Volume IV: What works, what matters, what lasts, 2004- present » Postings in 2005 » Leadership from the perspective of the department/program chairperson » Handbook for Department Chairs »
Handbook for Department Chairs
Stories and Reports
- A report from the undergraduate physics community
- Three national physics societies, with support from the ExxonMobil Foundation, collaborated in identifying how certain undergraduate physics departments are achieving success in increasing the numbers, persistence and success of students. The chair of the project (Strategic Programs for Innovations in Undergraduate Physics: SPINUP), Robert Hilborn of Amherst College, reports on their findings: that what works is a challenging but supportive academic program, strong and sustained departmental leadership, with continuing experimentation and evaluation built into the process of curricular transformation.
- A synthesis of recommendations from Keck/PKAL Consultancies: Dealing with dysfunctional departments
- Identifying what does not work is sometimes as important to efforts to build strong STEM departments and programs as knowing what works (see stories posted 02/06/04 from the undergraduate physics project SPIN-UP). Most problems facing departmental leaders have been identified and addressed in other settings: attrition after first-year courses; little or no administrative support; "ownership" of specific courses. Bringing an outside voice to the discussions is sometimes helpful, as illustrated by this report summarized from several Keck/PKAL consultancies.
- Advancing Reform Efforts through the PKAL-Keck Consultation Program: A Psychology Department
The Keck/PKAL Consultation Program
- This small private college in the west requested assistance in reviewing its psychology program. The request was triggered by the dean, who was considering adding a new faculty line for the department and wished to have a clearer sense of the future of psychology programs in undergraduate settings.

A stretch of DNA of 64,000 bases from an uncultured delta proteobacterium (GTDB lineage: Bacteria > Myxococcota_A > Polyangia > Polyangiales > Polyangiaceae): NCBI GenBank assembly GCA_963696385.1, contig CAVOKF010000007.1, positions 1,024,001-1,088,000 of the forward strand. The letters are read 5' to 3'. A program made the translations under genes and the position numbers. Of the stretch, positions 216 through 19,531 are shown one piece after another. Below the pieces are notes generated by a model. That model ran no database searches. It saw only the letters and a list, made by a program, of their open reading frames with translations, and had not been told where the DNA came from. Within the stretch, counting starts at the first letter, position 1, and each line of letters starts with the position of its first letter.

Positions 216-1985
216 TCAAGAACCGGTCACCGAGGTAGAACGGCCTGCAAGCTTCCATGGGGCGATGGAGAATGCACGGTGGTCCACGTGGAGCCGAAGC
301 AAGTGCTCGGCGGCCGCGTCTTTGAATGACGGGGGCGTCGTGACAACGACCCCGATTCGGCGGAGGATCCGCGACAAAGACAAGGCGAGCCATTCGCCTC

- Developing People and Programs
- Advice for department/program leaders on helping young and old faculty achieve their potential, and on developing tranformative programs within the confines and context of institutional structure.
- Don't Drown Students with Details: A Psychology Department's Transformation
The Keck/PKAL Consultation Program
- This public institution in the northwest requested an evaluation of their psychology department. It was determined that the department should focus on breadth rather than depth. The consultants felt undergraduate psychology students would benefit from increased exposure to many aspects of psychology. It is believed graduates of the program will be more well-rounded following this revision.
- Key characteristics of good departmental leadership
- By creating a coalition around issues relating to intellectual life and intellectual curiosity, an academic leader can help develop a broad commitment to a vision that links to greater institutional goals.
- Linking departmental planning to larger institutional initiatives
- A personal story: linking departmental planning to larger institutional initiatives that reflect institutional goals in regard to the quality of student learning, the building of an intellectual and physical infrastructure that enables robust learning.
- One Institutional Story: Lawrence University
- Preparing 21st Century Leaders: A Departmental Responsibility
- The experience of the mathematics department at the United States Military Academy illustrates how to integrate a comprehensive faculty development program into departmental efforts to reform the curriculum and serve larger institutional goals for student learning.
- The Saga of Departmental Transformation